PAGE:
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atching devices is critical, yet patch management is one of the most tedious tasks that IT admins do. In fact, Verizon’s 2015 Data Breach report says that 80% of the exploits used to compromise machines had patches available for them. If patches are that critical, then why don’t IT admins just patch their systems?

There are a number of reasons. They range from the fear that a patch will break something to organizations just not having the right tools. Let’s systematically look at why IT teams struggle with patching:

1. Fear of breaking functioning systems – perhaps the single greatest reason we hear that patching doesn’t get done is fear of breaking a functioning system. Many organizations don’t have the systems and processes to test a patch versus just running it on a production system. The challenge becomes that systems become out of date and it is hard for IT teams to “catch up”. As new patches pile on top of each other, the risk that applications will stop functioning properly increases. The best way to mitigate this risk is to have a continuous, intelligent patching strategy. Leverage tools such as Docker and virtual machines to snapshot your environment and run patches on those cloned systems. While it may not give you 100% certainty that a patch won’t break a functioning system, you will have a higher confidence that the patch will work. Further, if your environment is large and the testing can be done on a few production systems at a time, leverage a tool that can help you roll out patches in a smart way. The trick here is to never get behind. If you let patches pile up, the risk just keeps increasing.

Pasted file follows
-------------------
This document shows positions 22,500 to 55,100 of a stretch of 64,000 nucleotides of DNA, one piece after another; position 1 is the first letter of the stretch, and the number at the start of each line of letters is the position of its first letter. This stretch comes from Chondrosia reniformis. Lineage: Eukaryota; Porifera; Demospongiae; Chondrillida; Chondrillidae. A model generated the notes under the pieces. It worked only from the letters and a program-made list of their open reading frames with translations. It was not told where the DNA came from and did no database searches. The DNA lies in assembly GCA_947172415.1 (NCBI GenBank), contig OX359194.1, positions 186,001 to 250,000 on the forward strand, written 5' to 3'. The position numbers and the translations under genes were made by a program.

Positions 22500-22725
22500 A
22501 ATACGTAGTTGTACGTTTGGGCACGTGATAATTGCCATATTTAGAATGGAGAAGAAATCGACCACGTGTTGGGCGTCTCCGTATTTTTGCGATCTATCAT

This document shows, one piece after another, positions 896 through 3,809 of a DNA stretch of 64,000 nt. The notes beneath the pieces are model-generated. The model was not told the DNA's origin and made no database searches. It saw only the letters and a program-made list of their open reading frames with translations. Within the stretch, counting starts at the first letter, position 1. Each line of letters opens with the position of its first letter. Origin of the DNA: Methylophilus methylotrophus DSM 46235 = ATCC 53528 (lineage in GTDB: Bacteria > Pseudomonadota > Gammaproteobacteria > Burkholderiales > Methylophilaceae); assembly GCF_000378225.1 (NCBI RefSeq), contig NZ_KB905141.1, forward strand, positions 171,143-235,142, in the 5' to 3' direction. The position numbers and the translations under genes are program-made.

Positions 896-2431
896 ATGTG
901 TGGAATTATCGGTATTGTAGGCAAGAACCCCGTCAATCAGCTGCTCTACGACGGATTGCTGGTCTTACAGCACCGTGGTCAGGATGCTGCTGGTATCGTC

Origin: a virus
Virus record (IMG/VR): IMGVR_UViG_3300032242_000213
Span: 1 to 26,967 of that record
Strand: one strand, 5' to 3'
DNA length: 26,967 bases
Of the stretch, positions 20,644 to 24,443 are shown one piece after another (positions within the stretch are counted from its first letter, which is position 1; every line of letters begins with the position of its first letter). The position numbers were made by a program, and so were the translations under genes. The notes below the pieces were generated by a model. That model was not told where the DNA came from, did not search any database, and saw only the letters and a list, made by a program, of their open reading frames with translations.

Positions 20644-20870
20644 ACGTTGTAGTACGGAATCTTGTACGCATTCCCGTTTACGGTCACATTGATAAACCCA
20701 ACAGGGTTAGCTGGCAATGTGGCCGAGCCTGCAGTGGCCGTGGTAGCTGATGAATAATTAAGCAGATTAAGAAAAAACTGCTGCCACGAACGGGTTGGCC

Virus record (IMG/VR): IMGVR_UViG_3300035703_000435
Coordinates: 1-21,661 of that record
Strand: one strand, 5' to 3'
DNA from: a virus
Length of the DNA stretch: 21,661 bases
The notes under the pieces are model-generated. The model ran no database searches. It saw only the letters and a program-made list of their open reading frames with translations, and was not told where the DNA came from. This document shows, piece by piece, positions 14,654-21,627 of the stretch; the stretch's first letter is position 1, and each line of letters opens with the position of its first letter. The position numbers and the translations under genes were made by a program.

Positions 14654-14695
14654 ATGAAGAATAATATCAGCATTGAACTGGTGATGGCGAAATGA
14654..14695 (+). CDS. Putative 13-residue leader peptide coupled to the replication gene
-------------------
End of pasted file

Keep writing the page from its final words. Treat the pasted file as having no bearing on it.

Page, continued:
2. Don’t know what to patch – unfortunately with Shadow IT and with departments adding all kinds of technical resources outside of IT’s awareness, it becomes difficult to know all of the devices that are present on the network. Additionally, it is difficult to get an accounting for everything that is on a particular device and whether it is up-to-date or not. Both issues are significant for IT admins. Having full visibility of every system in the organization is critical. With AWS and other Infrastructure-as-a-Service providers, ensure that all of your servers are provisioned from one master account. Most IaaS providers have strong role-based controls to allow various people within the organization to use what they need, while IT still has a master view of everything. For the corporate offices, build in processes to know what devices have been issued or are being brought into the network. Your WiFi systems should be able to help you gain an understanding here.